The first named of the Pennsylvania delegation
was then read, when the Clerk was interrupted by
Mr. Maxwell, one of the New Jeisey delegation.
Mr. Maxwell called for the reading of the cer
tificate of election of the five Members. Gov.
Pennington's certificate, announcing the election
of the six Members, Messrs. Aycrigg, Maxwell,
Ilalstead, Stratton, Yorke, and Randolph, was
then read. A debate made up of suggestions
merely sprang up.
Mr. Mercer of Va. called for the reading of the
law of New Jersey.
Mr. Rives, of Va. called for the reading of the
names of the remaining members for the purpose
of forming a quorum.
Mr. Hoffman objected to the proposition. He
addressed the Clerk and asked him what right he
had to call any member but as he had evidence of
his election through a eertilicata laid upon the ta
ble. That was the only evidence he could have
oi an election ; and you sir, said Mr. Hoffman,
addressing the Clerk, have no more right to pass
over the names of the New Jersey members than
you have to pass over my name. Mr. Hoffman
considered it an assumption ot power on the part
of the Clerk to go behind the return ol the Gov
emorin the form of the certificate of election
The evidence of the election of the several mem
bers was equally good.
Mr. Ilalstead, one of the New Jersey delega
tion, followed Mr. Hoffman. He said, " I demand
as a sovreign member of the State of New Jersey,
that my ryime be called. I demand it in virtue
of my election, proved by the broad seal of the
state ol New Jersey. 1 deny that the mere claim
of the opposing members, a claim set up against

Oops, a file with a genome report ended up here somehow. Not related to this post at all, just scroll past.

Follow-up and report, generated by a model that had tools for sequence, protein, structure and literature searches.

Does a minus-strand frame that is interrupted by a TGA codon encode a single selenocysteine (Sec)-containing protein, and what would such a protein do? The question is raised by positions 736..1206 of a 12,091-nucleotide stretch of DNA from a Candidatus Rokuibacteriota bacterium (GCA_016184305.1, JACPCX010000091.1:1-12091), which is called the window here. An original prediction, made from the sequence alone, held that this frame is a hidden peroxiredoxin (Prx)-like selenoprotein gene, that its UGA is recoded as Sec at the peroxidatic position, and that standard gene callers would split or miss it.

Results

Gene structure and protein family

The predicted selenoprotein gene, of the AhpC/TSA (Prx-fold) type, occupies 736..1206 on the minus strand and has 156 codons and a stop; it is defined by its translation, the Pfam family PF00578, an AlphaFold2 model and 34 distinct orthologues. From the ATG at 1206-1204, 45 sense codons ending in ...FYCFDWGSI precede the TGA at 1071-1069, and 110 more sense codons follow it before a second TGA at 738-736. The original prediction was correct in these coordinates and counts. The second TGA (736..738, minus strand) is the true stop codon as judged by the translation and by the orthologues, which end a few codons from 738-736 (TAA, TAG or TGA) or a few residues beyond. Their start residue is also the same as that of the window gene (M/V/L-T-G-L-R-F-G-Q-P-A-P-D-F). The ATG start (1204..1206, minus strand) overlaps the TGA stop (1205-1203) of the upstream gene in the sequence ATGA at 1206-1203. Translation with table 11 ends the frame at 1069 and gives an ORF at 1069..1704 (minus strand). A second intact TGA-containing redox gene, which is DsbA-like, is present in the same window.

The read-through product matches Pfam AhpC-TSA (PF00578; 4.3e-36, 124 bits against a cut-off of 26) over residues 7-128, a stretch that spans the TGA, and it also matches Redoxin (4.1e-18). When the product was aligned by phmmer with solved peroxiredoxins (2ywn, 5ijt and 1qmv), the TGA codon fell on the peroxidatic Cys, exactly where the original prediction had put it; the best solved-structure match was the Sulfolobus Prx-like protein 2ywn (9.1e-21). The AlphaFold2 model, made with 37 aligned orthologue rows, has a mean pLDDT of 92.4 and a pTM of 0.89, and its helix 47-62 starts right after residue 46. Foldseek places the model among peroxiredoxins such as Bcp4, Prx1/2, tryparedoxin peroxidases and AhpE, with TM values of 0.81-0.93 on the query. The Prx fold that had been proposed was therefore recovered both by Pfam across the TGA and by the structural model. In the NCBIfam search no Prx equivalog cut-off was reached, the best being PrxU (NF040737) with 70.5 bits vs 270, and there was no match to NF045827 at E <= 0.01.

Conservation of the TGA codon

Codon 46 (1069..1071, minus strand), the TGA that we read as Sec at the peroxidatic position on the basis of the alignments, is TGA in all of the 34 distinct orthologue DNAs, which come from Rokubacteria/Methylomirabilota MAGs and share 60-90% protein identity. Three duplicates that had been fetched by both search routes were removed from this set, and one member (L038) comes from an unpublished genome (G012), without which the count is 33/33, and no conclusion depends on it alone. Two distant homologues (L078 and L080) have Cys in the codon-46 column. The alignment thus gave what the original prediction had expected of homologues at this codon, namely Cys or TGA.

precedent-against parliamentary usage against
justice shall be so considered as to pass by the
names of the members elect."
"" Mr. Tiliinghast said that upon the evidence of
the certificate ol the Governor of New Jersey the
Clerk had caused the name of Mr. Randolph to
be read, and yet upon the same evidence he had
refused the evidence of the election of the remain
ing five members. .The Clerk, Mr. T. contended,
had no right to elo this. The ceritficatcs proved
alike and equally the election of nil the members.
MiuJohnson, of Maryland, apealed to the
iers. He denied the power of the Clerk to
'4th,e names of the New Jersey mem-
evidence he had of his own elcc-
seal 6T (he State of Maryland,
fct-fnm Nw Jersey had the
'enti., spoke at some length,
onduct of the Clerk, tJf
of N. JeTT followed Mr. Ser-
Jbr thj
.Kadinrr of
the law of
eableo the subject.
Thaf law
-the Ho
HouseVAyod4Ae.idei the
He hoped 'the''
iclaw would be
uld bring the subject before the House
.vhich would lead to its disposition.
rotracted debate (fie shades of evening